2
$\begingroup$

A lot of times I have seen well-respected members of this community edit posts (including mine) changing things like "ZFC" into "$\mathsf{ZFC}$".

It kind of makes sense, because formal systems like ZFC are almost universally considered to be mathematical objects.

Why, then, not just put dollar signs before and after "ZFC"? I mean, there is definitely a difference between:

I have seen 10 proofs of this theorem.

and:

The number $10$ is divisible by $2$.

What is so special about \mathsf{}? Is it common in the literature to use this font to denote formal systems?

$\endgroup$
  • $\begingroup$ I don't know about formal systems, but I don't think it is typographically appropriate use dollar signs in this case. Consider for example $\sin(x)$ vs $sin(x)$. I also don't think that it should use the same typeface as in $\sin(x)$ because that is normally reserved for an operator, so a different one should be probably selected. Sometimes these things just arise by tradition. $\endgroup$ – JessicaK Apr 14 '16 at 13:41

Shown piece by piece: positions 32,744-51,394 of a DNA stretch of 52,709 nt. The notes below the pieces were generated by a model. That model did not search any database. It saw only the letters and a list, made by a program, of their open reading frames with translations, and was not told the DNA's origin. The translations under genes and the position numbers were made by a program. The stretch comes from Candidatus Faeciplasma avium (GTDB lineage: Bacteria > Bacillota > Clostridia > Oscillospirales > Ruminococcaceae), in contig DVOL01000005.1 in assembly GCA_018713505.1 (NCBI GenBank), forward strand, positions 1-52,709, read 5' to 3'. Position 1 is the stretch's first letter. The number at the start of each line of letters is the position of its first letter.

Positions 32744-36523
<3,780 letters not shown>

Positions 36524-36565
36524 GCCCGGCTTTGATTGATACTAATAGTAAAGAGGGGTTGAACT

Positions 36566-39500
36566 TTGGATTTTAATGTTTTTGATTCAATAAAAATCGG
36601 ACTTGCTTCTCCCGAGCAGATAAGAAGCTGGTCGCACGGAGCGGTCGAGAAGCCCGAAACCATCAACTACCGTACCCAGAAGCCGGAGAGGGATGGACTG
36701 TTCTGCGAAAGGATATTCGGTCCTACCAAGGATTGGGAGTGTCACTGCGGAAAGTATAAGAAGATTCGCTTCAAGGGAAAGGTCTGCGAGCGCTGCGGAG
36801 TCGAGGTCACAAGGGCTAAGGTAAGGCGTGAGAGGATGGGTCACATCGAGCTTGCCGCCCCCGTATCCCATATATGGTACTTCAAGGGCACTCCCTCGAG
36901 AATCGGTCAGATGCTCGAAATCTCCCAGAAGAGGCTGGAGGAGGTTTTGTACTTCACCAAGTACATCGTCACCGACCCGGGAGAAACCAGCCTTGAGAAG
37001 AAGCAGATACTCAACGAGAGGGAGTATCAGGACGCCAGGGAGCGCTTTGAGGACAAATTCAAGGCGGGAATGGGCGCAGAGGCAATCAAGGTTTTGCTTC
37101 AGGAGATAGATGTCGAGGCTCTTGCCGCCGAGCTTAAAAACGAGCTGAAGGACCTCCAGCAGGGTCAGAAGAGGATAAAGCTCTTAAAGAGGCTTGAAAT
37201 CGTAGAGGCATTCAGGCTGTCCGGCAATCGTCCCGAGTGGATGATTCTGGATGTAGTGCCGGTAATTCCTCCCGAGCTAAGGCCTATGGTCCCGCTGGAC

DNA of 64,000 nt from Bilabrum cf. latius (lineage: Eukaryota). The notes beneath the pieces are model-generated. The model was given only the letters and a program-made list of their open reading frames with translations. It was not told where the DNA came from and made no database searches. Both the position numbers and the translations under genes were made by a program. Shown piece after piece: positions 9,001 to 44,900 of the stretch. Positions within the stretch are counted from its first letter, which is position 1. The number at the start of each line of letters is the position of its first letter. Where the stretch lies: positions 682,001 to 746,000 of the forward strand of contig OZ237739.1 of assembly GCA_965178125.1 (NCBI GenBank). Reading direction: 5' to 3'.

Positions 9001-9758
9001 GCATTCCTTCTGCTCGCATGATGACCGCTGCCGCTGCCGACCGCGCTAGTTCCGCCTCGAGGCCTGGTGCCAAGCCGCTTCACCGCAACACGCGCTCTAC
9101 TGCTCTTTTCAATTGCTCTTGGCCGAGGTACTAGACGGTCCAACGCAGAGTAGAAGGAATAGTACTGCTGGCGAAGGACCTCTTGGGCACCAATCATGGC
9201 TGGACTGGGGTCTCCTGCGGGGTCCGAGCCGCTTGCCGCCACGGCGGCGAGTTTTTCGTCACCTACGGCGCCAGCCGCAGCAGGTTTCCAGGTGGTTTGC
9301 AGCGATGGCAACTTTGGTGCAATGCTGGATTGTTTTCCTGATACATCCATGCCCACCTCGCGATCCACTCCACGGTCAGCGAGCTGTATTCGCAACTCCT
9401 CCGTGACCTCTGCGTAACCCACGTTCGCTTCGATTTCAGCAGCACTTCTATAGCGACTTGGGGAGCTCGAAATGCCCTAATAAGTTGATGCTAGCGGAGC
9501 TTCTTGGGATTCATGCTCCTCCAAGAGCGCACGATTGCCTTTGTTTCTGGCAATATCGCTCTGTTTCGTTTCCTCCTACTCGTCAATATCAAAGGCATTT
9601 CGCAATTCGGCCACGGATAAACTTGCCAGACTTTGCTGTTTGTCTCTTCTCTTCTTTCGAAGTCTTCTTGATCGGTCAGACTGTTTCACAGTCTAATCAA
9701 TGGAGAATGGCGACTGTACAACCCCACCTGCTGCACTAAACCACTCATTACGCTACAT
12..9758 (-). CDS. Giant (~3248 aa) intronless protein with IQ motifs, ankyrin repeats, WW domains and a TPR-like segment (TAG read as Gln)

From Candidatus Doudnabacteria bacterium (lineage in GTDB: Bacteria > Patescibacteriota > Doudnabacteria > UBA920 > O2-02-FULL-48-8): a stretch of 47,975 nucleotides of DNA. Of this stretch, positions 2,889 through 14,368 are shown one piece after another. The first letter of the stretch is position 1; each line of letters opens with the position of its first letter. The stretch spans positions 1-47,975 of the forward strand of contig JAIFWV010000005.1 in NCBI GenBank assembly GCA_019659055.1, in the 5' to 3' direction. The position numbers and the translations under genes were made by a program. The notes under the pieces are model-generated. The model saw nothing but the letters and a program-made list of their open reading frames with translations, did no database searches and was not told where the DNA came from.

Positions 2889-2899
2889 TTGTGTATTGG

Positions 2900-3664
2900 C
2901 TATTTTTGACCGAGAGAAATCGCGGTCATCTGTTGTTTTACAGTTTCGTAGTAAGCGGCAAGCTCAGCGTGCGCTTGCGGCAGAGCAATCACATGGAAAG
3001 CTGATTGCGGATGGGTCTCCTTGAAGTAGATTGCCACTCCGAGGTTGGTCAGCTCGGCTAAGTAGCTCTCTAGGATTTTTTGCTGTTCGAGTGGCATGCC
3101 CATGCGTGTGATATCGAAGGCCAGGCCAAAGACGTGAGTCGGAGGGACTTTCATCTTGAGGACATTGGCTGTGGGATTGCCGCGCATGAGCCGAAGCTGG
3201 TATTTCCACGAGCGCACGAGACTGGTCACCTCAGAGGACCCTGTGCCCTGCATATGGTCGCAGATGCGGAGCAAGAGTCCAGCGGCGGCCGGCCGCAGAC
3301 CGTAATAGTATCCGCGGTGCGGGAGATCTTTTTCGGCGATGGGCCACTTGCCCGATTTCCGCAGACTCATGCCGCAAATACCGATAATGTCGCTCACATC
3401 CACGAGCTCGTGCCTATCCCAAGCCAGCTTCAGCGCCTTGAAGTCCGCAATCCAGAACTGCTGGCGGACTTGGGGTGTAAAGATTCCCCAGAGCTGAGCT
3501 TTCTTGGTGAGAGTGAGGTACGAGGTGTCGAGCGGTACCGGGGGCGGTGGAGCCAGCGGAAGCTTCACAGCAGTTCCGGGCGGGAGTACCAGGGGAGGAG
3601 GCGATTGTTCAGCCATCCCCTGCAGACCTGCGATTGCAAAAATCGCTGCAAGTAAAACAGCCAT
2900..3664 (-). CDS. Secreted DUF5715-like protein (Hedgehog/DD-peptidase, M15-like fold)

• $\begingroup$ Since the option is available, I would in fact use $10$ in both of your highlighted sentences: I consider it more readable than the default numerals. $\endgroup$ – Brian M. Scott Apr 14 '16 at 21:56

Your Answer

By clicking “Post Your Answer”, you agree to our terms of service, privacy policy and cookie policy

Browse other questions tagged or ask your own question.